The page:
by Kennedy Rose
John Lievonen is trying something new.
Lievonen, a rising senior at the University of Florida’s College of Journalism and Public Communications, has almost always been a political journalist. With the Dow Jones News Fund and American City Business Journals, he will intern at the South Florida Business Journal and pursue business journalism.
“Now I’m realizing there’s a lot of intersection between politics and business, and that’s more of a niche subject, so that’s something I’m interested in now,” Lievonen said.
His career in journalism began at The Pawprint — the student newspaper at Boca Raton Community High School. He joined in his sophomore year, and thought he should concentrate on political journalism.
Politics aren’t personal to him; his immersion in the Florida political scene keeps him in the know, but his interest stems from fascination and an obligation to inform people about politics.
“I wouldn’t really call myself political or place myself on a political spectrum,” he said.
The 21 year old is currently the managing editor of the Florida Political Review, the state’s largest student-run online political magazine. As managing editor, he helps staff writers craft their stories on local and state politics.
Lievonen covered Florida politics ranging from the state’s gubernatorial race to alt-right provocateur Richard Spencer’s visit to the University of Florida.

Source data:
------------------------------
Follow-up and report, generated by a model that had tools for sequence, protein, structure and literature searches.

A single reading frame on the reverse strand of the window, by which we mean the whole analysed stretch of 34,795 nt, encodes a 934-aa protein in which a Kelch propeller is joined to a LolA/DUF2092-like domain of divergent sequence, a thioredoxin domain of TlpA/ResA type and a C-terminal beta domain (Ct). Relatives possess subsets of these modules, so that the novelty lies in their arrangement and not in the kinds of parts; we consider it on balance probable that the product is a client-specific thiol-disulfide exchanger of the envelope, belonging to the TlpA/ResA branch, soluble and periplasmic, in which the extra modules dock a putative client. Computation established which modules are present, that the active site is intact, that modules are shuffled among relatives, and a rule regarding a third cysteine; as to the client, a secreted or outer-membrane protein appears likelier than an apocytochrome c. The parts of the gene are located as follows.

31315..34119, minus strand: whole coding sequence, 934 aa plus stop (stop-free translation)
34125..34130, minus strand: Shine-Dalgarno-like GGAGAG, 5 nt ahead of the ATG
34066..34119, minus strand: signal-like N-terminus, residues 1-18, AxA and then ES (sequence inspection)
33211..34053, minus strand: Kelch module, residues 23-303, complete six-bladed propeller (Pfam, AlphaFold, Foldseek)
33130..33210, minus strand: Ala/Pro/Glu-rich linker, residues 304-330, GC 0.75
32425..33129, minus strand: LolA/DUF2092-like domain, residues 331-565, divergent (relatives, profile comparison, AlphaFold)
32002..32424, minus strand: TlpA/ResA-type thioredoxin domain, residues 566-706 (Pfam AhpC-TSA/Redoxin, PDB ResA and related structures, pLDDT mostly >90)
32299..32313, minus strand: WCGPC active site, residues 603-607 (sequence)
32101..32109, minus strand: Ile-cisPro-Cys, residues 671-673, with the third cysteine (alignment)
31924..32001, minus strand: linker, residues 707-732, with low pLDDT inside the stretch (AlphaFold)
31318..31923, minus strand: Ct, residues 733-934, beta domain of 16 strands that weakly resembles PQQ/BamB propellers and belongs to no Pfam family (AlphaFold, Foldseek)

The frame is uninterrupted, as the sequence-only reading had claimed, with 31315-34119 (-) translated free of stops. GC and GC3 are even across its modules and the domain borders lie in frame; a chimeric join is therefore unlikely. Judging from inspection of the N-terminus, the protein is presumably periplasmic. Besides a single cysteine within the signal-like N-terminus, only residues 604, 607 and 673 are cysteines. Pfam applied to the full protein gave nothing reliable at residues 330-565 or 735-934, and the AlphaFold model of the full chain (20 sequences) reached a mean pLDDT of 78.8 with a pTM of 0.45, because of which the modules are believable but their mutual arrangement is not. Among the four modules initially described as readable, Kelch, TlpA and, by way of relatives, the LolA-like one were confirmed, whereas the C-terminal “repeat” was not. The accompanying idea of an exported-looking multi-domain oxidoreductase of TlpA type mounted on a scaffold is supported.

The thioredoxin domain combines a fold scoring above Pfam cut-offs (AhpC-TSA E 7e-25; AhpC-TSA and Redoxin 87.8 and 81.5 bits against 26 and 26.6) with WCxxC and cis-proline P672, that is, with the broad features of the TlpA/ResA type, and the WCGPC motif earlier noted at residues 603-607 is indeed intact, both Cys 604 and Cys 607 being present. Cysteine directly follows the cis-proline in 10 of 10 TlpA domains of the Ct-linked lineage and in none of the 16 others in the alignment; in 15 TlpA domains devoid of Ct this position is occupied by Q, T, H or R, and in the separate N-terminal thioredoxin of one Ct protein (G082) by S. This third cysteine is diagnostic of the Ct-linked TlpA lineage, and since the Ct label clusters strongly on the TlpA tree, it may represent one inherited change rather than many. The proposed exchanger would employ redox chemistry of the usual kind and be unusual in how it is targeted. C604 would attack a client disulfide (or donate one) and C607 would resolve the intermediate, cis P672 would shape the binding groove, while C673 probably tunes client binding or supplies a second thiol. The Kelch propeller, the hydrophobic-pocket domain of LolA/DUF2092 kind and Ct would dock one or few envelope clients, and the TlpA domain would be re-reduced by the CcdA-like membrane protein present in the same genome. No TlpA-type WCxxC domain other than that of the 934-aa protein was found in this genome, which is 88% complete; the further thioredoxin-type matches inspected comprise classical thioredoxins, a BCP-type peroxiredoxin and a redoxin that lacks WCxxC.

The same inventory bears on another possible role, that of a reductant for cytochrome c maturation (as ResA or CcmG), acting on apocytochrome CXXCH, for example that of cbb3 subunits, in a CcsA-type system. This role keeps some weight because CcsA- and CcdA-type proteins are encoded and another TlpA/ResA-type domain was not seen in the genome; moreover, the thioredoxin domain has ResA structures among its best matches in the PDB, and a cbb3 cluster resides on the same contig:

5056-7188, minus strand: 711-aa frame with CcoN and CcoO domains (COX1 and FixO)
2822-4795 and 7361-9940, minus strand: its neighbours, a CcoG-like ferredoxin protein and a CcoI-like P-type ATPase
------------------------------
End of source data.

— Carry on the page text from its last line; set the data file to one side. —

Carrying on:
Lievonen applied for the DJNF/ACBJ internship after receiving an email from the chair of the journalism department at UF, and it will be his first internship. He’s consistently worked at the Florida Political Review and has contributed to The Gainesville Sun and PBS affiliate WUFT.
He made his way to the University of Florida, four hours away from his home in Delray Beach, Fla. UF had a promising journalism program, and attending an in-state program had its benefits. He’s a journalism major with a concentration in political science.
“I never thought of going out-of-state,” he said.
He has a passion for learning new things and “falling down the rabbit hole” of research. The best part of it, he said, is that the rabbit hole could come from anywhere — conversations, meeting new people or simply stumbling upon something.
Herbert Lowe, a professor at UF, said Lievonen has a drive that’s unique to journalism students.
“He didn’t make the same mistakes,” Lowe said. “Or I never felt he was trying to take the easy way out, and I have every confidence that he would be successful this summer.”
A former marathon and triathlon participant, Lievonen likes to stay active. But being a managing editor of a magazine and a college student makes training for those races difficult, he said.
He doesn’t find the “zen” in running like other runners do. Lievonen said it feels great to win a race and to make friends while running, but that the physical action of running was the least desirable part of the activity.
“I found running to be a bonding or community experience,” he said. “It wasn’t necessarily that I found enjoyment in running.”
His favorite television show, “Billions,” focuses on Wall Street and white-collar crime. He also hate-watches “Keeping Up with the Kardashians,” which he maintained he would never turn on himself.
He’ll be living at home for the summer with his parents, working at the South Florida Business Journal that covers the Broward, Palm Beach and Miami-Dade counties.
Working for Bloomberg or The Wall Street Journal is his dream, but he said he won’t limit his options. Lowe said Lievonen is unique in having specific aspirations as a student journalist, as many young journalists are unsure of what they want to pursue.
“John is after a career,” Lowe said.